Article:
The Bible is filled with the prayers of God’s people in search for His heart and will for their lives. Many of the same principles for intercessory prayer apply in the area of petitioning God. That is, at the heart of our supplication must be for the desire for God’s perfect will to be accomplished even when it is not our will or desires.
A petition prayer (or supplication) is nothing more than a prayer for one’s self. But like intercessory prayer, it is still a prayer for God’s heart and will to be accomplished in and through one’s life. Thus, we are not praying for a variance to the mysterious, but in accordance with what we know to be the truth of God for His people. The very basis for all prayer is the Word of God for the will of God.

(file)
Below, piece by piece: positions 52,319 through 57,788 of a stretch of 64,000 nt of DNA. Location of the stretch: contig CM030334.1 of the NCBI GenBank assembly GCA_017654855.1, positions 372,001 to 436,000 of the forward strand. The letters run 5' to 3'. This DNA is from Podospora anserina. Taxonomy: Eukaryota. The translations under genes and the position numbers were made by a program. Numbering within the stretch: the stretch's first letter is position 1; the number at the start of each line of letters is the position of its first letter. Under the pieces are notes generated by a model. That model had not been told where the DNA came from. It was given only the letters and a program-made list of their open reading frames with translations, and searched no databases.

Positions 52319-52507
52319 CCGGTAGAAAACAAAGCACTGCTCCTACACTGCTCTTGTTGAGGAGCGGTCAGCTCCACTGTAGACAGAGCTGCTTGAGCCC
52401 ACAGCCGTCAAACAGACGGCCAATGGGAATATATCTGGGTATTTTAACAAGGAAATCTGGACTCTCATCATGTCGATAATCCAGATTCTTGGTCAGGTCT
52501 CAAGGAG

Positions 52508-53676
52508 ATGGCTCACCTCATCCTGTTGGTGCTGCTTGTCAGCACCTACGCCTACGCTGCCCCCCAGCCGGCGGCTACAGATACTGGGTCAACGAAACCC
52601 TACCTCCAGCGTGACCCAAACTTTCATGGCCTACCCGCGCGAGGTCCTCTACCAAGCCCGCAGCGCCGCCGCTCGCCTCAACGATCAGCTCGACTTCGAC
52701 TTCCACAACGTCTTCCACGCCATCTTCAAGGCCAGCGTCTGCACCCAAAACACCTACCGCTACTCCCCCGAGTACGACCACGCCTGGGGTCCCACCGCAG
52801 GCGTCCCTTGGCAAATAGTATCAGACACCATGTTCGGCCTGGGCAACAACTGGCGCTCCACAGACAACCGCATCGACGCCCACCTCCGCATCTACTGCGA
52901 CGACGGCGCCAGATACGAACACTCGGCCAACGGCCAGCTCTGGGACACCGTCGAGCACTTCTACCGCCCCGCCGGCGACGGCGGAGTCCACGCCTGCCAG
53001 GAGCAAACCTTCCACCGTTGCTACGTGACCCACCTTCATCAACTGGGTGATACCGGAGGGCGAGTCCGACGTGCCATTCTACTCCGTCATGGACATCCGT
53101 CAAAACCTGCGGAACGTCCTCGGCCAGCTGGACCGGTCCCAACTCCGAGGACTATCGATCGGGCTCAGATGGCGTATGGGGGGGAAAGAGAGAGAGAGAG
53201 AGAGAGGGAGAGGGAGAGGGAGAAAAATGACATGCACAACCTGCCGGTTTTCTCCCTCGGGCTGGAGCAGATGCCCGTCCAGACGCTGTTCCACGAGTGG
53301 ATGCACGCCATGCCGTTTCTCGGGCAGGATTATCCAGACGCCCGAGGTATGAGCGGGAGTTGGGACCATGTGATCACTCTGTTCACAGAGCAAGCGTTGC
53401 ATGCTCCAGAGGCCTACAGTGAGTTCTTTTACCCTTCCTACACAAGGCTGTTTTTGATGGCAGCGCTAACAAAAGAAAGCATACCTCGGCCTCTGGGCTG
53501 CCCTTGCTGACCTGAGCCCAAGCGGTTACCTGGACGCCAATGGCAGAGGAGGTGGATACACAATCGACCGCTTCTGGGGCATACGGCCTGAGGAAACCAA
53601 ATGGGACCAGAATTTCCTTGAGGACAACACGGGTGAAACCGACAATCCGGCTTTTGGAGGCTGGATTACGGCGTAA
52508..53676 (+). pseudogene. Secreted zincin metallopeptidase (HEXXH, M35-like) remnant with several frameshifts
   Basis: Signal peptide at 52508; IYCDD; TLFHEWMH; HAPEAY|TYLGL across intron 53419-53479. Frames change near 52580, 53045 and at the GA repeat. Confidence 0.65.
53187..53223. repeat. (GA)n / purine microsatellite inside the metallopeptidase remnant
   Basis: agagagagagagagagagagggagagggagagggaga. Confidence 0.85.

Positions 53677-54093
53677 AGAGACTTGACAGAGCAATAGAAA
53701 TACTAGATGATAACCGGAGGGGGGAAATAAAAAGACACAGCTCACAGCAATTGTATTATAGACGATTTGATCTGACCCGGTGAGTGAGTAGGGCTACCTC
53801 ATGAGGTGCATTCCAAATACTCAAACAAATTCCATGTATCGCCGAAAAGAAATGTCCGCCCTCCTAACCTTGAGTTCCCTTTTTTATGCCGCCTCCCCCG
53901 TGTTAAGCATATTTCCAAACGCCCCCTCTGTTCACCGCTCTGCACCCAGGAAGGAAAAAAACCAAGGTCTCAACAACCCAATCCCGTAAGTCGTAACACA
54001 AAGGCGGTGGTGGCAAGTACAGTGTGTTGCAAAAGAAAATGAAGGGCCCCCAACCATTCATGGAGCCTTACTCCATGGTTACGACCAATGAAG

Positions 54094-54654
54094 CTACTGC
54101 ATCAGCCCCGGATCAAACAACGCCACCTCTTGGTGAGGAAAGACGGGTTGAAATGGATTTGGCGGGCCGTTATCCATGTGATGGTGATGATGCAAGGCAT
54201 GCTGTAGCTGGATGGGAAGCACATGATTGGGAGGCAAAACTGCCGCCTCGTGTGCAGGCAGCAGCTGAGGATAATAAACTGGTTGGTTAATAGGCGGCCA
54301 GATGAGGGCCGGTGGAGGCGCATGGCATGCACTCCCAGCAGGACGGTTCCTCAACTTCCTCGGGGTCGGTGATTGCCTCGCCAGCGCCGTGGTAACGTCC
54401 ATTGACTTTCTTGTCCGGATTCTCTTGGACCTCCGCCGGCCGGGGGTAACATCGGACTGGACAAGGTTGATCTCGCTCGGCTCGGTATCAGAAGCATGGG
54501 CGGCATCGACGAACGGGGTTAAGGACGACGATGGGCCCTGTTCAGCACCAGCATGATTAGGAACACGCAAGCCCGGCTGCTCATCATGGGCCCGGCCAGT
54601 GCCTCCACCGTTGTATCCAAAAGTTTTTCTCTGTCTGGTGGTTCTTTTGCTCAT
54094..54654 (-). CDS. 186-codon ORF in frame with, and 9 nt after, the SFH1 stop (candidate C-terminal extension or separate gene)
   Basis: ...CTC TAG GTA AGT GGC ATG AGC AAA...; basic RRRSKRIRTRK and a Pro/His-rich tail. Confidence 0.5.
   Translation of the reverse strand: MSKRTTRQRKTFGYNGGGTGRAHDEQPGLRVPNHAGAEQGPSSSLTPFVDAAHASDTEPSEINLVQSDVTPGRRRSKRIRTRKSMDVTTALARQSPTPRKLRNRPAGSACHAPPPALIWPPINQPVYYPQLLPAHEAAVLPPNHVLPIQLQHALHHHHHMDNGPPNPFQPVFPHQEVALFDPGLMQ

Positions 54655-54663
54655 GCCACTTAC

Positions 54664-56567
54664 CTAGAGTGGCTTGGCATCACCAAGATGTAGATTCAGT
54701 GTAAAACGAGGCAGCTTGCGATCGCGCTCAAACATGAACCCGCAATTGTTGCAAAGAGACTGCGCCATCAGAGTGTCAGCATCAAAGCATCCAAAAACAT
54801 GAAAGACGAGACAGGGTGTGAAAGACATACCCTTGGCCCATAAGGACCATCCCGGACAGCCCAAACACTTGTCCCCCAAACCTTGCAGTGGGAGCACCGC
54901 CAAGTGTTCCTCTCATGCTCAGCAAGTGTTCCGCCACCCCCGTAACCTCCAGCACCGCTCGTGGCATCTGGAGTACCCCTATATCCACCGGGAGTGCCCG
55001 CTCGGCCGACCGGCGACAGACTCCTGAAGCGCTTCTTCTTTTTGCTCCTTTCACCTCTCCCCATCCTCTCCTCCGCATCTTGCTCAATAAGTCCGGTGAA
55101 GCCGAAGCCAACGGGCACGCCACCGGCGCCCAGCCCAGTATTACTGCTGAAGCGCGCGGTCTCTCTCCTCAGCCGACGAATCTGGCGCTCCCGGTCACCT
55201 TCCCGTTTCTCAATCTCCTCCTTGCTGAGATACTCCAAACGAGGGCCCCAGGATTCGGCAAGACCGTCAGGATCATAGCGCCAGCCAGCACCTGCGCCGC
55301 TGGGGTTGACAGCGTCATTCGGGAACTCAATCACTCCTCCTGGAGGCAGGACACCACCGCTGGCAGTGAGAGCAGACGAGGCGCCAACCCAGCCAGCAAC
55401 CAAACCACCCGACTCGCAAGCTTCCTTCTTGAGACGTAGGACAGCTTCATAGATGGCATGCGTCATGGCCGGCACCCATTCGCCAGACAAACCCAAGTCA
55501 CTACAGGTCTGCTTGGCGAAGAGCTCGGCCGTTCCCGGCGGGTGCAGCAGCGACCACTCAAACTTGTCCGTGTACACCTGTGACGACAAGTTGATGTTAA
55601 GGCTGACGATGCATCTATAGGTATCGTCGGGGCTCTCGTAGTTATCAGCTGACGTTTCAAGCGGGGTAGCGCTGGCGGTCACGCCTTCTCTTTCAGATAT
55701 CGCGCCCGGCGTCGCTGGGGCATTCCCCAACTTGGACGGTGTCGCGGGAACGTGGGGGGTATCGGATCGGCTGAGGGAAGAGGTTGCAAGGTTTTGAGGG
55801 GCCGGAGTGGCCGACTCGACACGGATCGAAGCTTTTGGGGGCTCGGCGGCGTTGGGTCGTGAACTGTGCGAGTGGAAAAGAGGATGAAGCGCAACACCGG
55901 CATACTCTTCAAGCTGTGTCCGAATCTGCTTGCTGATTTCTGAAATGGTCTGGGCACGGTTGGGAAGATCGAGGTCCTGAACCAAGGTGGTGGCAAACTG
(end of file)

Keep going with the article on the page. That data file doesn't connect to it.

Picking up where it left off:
There is a secret will of God, with which we often fear that our prayers may be at variance. It is not with this will of God, but His will as revealed in His Word, that we have to do in prayer. Our notions of what the secret will may have decreed, and of how it might render the answers to our prayers impossible, are mostly very erroneous… In the Word the Father has revealed in general promises the great principles of His will with His people. Thus, the child need only to take the promises of the Word and apply them to the special circumstances in His life to which it has reference. (Meaning) Whatever the believer asks within the limits of God’s revealed will, he can know to be according to the will of God. In His Word, God has given us the revelation of his will and plan for us, with His people, and with the world – with the most precious promises of grace and power with which through His people he will carry out His plans and do His work. Murray